Dec. 23, 2009 Ultrasound-guided cortisone injections may be an effective treatment method for gluteus medius tendinopathy, a common, painful condition caused by an injury to the tendons in the buttocks that typically affects middle-aged to elderly women and young active individuals, according to a study published in the January issue of the American Journal of Roentgenology.
Gluteus medius tendinopathy can cause severe hip pain. "The underlying causes remain unclear but probably are multi-factorial and involve mechanical and degenerative processes," said Etienne Cardinal, MD, lead author of the study. Medical treatment usually includes physiotherapy, nonsteroidal anti-inflammatory medication, and local injections of corticosteroids.
The study, performed at the University of Montreal's Hospital Center, included 54 patients with gluteus medius tendinopathy. Ultrasound-guided cortisone injections were performed on all patients. "One month after treatment, 72 percent of the patients showed a clinically significant improvement in pain level. Seventy percent of patients were satisfied with the results of the intervention," said Cardinal.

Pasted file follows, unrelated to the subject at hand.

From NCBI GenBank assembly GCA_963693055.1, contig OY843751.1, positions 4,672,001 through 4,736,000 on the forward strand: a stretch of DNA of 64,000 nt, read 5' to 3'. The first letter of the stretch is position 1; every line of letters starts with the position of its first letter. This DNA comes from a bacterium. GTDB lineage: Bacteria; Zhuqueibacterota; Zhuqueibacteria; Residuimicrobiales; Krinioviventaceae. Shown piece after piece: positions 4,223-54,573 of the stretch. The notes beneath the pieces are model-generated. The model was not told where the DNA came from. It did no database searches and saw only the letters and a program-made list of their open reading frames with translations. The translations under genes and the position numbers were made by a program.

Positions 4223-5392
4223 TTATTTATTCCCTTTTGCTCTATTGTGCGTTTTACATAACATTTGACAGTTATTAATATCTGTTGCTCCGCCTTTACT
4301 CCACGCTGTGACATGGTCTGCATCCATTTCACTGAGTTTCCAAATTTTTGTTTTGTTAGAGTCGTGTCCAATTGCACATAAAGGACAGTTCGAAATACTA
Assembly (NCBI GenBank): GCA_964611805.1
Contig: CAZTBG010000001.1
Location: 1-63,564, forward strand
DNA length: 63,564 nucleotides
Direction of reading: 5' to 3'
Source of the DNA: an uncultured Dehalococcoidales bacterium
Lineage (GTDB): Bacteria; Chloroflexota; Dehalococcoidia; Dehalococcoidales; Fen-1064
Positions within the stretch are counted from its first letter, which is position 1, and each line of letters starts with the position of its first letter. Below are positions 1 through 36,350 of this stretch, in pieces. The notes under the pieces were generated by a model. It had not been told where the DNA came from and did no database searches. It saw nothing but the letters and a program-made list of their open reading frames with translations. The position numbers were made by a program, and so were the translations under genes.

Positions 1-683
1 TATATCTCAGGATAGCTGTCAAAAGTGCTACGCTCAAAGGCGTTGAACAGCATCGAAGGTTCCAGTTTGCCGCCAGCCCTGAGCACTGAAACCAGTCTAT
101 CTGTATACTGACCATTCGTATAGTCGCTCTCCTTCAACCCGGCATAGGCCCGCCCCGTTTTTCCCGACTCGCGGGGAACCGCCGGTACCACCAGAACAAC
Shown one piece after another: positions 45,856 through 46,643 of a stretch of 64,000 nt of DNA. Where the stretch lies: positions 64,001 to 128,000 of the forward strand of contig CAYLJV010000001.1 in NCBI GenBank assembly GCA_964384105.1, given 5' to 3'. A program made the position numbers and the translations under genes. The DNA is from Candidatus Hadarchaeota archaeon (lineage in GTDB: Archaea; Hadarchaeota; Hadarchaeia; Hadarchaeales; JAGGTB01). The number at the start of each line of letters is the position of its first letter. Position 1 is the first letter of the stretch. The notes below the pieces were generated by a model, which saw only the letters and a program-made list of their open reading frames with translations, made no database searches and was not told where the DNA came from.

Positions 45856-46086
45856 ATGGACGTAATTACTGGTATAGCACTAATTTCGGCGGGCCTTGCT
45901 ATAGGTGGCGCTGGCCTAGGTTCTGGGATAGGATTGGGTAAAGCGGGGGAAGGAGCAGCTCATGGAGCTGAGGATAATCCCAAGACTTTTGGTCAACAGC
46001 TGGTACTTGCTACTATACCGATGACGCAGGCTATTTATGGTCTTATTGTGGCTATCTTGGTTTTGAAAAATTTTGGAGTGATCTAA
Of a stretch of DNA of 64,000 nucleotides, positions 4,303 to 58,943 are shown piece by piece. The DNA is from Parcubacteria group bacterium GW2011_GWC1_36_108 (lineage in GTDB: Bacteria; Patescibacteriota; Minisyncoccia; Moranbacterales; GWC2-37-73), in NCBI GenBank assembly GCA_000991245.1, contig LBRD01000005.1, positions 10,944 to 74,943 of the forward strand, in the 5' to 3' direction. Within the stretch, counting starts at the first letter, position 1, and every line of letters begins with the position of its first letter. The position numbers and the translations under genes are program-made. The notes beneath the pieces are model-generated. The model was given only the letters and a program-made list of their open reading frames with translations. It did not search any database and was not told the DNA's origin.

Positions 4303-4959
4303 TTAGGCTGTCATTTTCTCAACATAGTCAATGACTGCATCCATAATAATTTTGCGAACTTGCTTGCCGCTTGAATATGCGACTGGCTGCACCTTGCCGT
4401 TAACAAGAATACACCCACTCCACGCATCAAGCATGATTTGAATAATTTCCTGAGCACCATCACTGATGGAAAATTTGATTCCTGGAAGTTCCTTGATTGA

"The use of ultrasound for guiding musculoskeletal procedures has increased over the past several years. Advantages of ultrasound over fluoroscopy include its soft-tissue imaging capabilities that allow a diagnostic study to be performed before cortisone injection," he said.
"This noninvasive, nonionizing imaging technique allows continuous monitoring of the needle position, which facilitates the performance of safe and precise cortisone injections," said Cardinal.
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The above story is based on materials provided by American College of Radiology / American Roentgen Ray Society, via EurekAlert!, a service of AAAS.
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